I was predisposed to dislike Life As We Know It. Firstly, Christina Hendricks’ character is killed off in the first twenty minutes, a near-unforgiveable sin in my book. Secondly, Life As We Know It stars Katherine Heigl. Heigl has made a name for herself, in movies at least, by playing the same character over and over again: the uptight, quasi-feminist career woman with no social skills, who can’t loosen up and learn to love until she inexplicably falls for the man she initially and understandably hated. This guy is usually and asshole or a slacker (or both!). Heigl’s characters are a Backlash view of women’s progress, personified. In Heigl-Backlash world, feminism has made the modern woman a miserable ball breaker, who at thirty-something is married only to her career, and who longs for a real man to swagger in and put her in her proper place (cue Gerard Butler). It might well be the case that these are the only roles available to actresses, even to established and popular ones like Heigl, but that doesn’t make me hate them any less. In fact, it makes me hate them more.
So believe me, fair readers, when I say that Life As We Know It was going to have a tough time winning me over. It didn’t. But it is by far the least offensive Katherine Heigl rom com yet.
Heigl plays Holly, a caterer who owns a gourmet café. Josh Duhamel, with help from his seemingly ever-visible pecs and biceps, plays Eric Messer, a broadcast producer for the Atlanta Hawks. Holly’s best friend Alison and Messer’s best friend Peter are a couple, and they set Holly and Messer up on a disastrous date. From that day forth, Messer and Holly hate each other, but because of their mutual friends, they see each other all the time. Messer sleeps around, goes running a lot (hence the best actor nomination for his biceps) and generally enjoys the single life. Holly has a crush on the cute pediatrician who buys his lunch at her café, and is correct in her assessment that other women judge her for not being married. Alison and Peter die in a car crash and, unbeknownst to Holly and Messer, have designated their two friends as guardians for their one-year-old daughter Sophie. And so Holly and Messer are left with the task of raising Sophie together while mourning their friends. Lots of poop, pee and vomit jokes ensue. Eventually, Holly and Messer get together, then fall apart and then there a scene at the airport because apparently there is an eleventh Commandment that my religious education teacher forgot to mention: “Thou shalt not make a rom com without including a running-through-the-airport-to-declare-love-before-it’s-too-late scene.”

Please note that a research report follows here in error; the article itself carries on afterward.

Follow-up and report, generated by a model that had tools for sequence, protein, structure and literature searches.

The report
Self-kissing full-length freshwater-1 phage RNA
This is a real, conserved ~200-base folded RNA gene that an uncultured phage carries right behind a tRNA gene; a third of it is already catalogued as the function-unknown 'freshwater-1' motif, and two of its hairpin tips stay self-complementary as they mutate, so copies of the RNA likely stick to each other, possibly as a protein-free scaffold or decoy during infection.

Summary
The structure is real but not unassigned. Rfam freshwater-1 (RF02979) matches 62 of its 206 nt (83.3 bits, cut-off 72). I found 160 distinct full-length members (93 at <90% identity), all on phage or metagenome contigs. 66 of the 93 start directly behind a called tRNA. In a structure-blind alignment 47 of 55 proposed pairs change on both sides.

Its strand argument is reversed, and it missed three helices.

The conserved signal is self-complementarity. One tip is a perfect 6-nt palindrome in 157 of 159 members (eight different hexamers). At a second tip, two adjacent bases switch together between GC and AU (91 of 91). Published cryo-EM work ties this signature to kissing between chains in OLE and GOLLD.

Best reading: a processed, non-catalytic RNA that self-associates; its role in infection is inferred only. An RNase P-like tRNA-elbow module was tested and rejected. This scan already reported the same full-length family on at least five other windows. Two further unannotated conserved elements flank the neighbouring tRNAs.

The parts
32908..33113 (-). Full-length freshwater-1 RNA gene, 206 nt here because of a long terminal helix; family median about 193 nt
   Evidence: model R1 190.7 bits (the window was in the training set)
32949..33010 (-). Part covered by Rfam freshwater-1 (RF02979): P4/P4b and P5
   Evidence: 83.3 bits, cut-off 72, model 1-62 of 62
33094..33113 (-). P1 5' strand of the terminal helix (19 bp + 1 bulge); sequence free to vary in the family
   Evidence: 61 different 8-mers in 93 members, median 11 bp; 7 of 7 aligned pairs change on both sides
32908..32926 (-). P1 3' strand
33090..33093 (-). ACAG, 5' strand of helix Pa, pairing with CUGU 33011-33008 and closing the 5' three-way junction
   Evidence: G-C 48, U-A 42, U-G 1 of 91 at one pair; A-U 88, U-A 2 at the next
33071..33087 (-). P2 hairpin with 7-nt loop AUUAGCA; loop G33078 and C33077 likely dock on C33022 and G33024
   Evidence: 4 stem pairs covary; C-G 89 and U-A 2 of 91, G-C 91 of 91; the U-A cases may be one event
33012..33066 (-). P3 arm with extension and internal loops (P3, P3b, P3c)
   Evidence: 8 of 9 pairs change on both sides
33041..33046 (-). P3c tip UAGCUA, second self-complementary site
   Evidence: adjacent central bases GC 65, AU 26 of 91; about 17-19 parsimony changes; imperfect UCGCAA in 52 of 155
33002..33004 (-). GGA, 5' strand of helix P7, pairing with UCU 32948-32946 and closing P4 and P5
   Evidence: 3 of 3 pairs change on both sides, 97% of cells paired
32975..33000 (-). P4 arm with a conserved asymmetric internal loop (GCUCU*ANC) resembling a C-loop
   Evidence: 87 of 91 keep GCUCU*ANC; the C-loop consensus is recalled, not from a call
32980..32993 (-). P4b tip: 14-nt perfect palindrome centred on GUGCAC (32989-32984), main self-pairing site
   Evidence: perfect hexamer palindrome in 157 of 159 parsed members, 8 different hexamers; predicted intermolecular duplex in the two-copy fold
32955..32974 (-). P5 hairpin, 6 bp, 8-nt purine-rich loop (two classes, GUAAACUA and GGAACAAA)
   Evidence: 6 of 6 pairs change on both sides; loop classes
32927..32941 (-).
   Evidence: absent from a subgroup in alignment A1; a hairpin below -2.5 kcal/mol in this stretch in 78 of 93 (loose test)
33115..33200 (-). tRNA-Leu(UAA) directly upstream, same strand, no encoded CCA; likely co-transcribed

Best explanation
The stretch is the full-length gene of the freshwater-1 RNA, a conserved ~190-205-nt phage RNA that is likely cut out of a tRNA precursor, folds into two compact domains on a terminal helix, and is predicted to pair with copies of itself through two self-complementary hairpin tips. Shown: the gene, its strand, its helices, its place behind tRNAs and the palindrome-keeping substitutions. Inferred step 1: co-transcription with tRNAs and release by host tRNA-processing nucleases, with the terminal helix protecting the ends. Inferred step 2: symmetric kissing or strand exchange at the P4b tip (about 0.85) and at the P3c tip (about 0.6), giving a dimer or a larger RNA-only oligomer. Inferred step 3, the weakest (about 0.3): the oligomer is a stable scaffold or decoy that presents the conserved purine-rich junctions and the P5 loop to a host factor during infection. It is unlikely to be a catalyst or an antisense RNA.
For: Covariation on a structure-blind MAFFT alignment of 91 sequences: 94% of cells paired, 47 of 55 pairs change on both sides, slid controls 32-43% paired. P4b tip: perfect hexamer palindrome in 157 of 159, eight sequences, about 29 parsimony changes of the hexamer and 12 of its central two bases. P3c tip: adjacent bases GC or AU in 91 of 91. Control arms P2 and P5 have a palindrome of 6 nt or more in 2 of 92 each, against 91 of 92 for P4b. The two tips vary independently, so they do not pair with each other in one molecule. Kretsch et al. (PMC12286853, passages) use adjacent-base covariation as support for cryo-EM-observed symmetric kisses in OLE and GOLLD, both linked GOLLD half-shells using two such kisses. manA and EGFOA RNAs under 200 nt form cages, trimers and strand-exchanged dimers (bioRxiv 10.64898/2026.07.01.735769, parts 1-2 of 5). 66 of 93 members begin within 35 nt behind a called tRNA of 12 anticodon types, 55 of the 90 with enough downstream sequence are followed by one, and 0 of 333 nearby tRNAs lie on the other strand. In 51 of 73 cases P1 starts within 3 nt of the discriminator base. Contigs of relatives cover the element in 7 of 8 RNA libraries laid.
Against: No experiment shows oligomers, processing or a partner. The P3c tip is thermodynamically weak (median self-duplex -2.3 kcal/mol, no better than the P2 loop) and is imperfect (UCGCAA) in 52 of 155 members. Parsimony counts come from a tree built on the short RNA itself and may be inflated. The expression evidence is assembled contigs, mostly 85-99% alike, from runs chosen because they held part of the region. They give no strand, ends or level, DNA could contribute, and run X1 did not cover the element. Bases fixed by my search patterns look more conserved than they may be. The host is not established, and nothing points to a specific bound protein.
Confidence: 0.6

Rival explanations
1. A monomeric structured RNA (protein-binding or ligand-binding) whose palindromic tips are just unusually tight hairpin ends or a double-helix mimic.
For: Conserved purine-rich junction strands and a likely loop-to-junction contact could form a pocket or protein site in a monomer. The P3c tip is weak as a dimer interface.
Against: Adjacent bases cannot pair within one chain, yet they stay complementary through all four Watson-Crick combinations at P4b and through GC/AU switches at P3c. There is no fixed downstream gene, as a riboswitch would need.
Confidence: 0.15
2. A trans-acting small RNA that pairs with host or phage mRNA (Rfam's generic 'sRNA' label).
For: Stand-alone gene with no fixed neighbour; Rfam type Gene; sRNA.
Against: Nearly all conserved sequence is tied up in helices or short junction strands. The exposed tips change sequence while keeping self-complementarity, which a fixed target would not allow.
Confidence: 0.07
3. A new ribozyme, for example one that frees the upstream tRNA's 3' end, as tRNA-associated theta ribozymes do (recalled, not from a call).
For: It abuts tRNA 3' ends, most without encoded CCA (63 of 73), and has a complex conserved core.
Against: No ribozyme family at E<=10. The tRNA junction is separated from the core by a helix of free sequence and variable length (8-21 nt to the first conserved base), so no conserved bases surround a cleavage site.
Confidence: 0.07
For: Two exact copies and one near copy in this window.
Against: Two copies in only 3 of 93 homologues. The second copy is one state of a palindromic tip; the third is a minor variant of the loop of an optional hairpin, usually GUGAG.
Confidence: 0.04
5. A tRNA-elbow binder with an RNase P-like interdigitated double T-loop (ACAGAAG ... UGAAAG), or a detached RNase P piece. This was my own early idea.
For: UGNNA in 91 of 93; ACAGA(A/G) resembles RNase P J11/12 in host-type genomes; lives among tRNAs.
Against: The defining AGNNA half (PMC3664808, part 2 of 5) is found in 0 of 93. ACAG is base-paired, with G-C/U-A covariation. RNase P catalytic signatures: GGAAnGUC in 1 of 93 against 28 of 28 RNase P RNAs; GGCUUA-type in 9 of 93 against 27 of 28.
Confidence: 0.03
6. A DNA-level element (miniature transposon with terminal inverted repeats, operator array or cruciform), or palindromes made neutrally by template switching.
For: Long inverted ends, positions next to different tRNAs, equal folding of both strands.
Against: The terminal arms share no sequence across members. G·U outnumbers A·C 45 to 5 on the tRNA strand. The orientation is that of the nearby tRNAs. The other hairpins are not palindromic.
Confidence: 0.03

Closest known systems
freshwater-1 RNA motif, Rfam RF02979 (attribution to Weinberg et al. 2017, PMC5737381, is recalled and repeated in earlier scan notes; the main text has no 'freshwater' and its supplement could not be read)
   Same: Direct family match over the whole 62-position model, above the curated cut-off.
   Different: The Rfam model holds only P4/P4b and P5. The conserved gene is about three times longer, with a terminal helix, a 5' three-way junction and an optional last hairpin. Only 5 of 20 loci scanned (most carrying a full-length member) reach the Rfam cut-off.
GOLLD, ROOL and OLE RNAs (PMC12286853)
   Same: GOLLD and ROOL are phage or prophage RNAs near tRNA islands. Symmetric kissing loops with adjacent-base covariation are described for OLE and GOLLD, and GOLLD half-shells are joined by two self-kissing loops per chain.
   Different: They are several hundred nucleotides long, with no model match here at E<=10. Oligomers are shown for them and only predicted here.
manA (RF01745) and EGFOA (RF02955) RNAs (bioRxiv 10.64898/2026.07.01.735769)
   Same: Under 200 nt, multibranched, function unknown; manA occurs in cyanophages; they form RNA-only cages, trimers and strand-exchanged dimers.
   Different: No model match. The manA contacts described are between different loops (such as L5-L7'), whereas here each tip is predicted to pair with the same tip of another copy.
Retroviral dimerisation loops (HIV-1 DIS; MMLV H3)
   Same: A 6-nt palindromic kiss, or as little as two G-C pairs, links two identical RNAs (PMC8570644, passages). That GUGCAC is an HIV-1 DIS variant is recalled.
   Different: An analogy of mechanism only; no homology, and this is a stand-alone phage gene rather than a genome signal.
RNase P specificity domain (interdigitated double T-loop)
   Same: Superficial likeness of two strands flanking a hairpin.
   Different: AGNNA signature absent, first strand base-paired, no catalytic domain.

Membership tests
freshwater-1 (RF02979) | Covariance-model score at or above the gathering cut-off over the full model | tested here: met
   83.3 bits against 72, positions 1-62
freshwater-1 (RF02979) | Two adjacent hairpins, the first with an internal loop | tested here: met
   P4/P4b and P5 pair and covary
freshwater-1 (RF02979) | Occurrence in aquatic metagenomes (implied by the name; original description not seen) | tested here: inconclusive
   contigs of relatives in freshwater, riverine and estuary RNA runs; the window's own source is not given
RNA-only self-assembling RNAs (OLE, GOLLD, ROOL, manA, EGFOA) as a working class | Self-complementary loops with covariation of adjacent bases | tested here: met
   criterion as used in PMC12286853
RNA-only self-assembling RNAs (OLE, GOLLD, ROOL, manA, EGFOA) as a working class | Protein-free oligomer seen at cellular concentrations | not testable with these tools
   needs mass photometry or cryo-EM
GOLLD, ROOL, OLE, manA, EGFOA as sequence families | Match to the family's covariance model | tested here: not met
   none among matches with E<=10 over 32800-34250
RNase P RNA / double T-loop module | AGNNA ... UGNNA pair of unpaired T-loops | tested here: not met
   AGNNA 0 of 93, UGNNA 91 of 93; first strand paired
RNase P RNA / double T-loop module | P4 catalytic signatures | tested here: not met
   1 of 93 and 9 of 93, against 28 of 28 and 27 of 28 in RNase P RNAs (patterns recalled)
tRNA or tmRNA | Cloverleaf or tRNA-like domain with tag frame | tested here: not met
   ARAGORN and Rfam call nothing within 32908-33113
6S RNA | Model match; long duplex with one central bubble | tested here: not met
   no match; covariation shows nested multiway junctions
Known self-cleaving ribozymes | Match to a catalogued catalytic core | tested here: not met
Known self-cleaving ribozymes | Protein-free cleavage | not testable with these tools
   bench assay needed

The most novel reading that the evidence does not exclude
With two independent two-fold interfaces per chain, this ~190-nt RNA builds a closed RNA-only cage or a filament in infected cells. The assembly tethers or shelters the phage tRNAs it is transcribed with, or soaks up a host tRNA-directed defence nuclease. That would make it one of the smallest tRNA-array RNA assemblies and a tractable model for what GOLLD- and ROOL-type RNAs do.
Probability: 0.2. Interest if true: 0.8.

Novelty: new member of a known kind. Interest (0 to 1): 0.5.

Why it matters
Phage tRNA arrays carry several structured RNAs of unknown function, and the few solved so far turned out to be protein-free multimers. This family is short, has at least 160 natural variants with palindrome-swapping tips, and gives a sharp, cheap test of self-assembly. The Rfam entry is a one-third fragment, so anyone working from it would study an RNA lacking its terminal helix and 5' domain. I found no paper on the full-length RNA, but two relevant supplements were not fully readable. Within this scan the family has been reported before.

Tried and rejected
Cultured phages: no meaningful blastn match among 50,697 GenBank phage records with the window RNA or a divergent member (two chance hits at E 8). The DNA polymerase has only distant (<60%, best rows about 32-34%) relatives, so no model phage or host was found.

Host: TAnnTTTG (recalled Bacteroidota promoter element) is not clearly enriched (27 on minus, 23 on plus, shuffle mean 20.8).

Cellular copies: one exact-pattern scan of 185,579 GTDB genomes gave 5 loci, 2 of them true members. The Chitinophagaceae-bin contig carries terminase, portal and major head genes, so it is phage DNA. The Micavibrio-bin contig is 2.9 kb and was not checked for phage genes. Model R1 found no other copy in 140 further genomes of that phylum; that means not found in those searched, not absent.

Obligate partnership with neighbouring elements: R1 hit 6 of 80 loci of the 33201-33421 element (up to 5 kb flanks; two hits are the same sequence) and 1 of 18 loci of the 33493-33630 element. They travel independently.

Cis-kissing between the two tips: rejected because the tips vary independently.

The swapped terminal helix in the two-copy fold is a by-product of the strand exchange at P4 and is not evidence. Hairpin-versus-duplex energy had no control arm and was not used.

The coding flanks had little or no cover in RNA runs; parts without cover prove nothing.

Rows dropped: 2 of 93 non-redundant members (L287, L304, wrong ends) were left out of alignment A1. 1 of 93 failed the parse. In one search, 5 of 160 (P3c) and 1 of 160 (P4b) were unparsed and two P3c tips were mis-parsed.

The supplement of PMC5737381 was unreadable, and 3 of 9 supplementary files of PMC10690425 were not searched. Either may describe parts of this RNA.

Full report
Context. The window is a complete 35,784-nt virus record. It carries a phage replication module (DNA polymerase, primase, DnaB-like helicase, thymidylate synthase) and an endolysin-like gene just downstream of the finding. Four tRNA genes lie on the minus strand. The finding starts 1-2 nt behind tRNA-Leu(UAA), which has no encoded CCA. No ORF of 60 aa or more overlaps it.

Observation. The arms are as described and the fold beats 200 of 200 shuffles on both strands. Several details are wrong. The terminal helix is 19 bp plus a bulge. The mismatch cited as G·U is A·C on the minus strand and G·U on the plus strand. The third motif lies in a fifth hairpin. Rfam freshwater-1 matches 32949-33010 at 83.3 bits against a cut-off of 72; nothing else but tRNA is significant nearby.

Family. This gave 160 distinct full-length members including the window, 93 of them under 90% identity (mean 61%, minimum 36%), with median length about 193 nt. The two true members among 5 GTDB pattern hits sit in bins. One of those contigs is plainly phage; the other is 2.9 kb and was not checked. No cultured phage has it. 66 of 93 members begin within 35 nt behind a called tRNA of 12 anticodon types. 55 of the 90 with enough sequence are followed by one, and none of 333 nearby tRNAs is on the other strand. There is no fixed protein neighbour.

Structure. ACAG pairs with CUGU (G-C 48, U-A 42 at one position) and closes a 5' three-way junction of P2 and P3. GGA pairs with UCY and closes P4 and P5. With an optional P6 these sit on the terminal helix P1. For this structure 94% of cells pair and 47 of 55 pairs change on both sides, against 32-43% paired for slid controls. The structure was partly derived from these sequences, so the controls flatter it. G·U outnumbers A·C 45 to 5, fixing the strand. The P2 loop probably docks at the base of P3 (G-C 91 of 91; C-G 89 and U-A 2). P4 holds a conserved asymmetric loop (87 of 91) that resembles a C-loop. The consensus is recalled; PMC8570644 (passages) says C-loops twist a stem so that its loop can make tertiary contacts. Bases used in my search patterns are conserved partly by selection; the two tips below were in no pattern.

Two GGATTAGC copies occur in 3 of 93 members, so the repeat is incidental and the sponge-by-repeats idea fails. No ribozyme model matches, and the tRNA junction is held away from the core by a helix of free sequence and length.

Life As We Know It does not pass the Bechdel Test, but it does break the rom com mold in a few notable ways. Firstly, it depicts work-family conflict as a problem that affects men as well as women. On one occasion, Messer is forced to take Sophie in to work, with disastrous results. We see Holly juggle work and childcare too, but her juggle doesn’t nearly cost her a promotion the way Messer’s does. We also see Holly refusing the role of primary caregiver; the first time Sophie needs her diaper changed, Holly tells Messer, “I’m not changing diapers for two year just because I’m the girl. Get in there.” There’s a critique of single-shaming, too, which is rare in Heigl movies, and in rom coms in general. For example, we are left to guess Holly’s age – there’s no harping on about her being “thirty-FOUR and still not married!” And despite Messer’s prediction that Sophie’s presence in her life will cause the men she wants to date to view her as “complicated,” the pediatrician is perfectly happy to date her, and to have Sophie in his life, too.
On the other hand, there’s a lot of the same old predictable rom com stuff going on. There are repeated references to marriage and parenthood taking all the fun – that is, all the sex – out of life. There are henpecked husbands. There is a social worker who, upon finding out that Holly and Messer have complicated their already confusing situation by sleeping together, gives them two choices: get engaged, or pretend that the sex never happened. And in a very clever move, the screenwriters managed to merge two rom com clichés – the sassy Black girlfriend and the hilarious gay colleague – into one character, the effete Black baker dude! Way to kill two birds with one totally stereotyped stone!
Finally, while this is the least egregious Katherine Heigl rom com to date, it is nonetheless a Katherine Heigl rom com. She’s still playing the controlling, over-thirty single lady who falls in love with the guy she originally, and justifiably, disliked. She’s tamed, chastened, in a relationship at long last, by the movie’s end. The message of the movie – that families come in all shapes and sizes, and come together in all kinds of ways – sweetens the Uptight Bitch stereotype. But despite some pushing back against gender stereotypes, despite the small signs of progress, Life As We Know It is exactly what we’ve come to expect from rom coms. In other words, we’re not out of the Heigl-Backlash woods yet.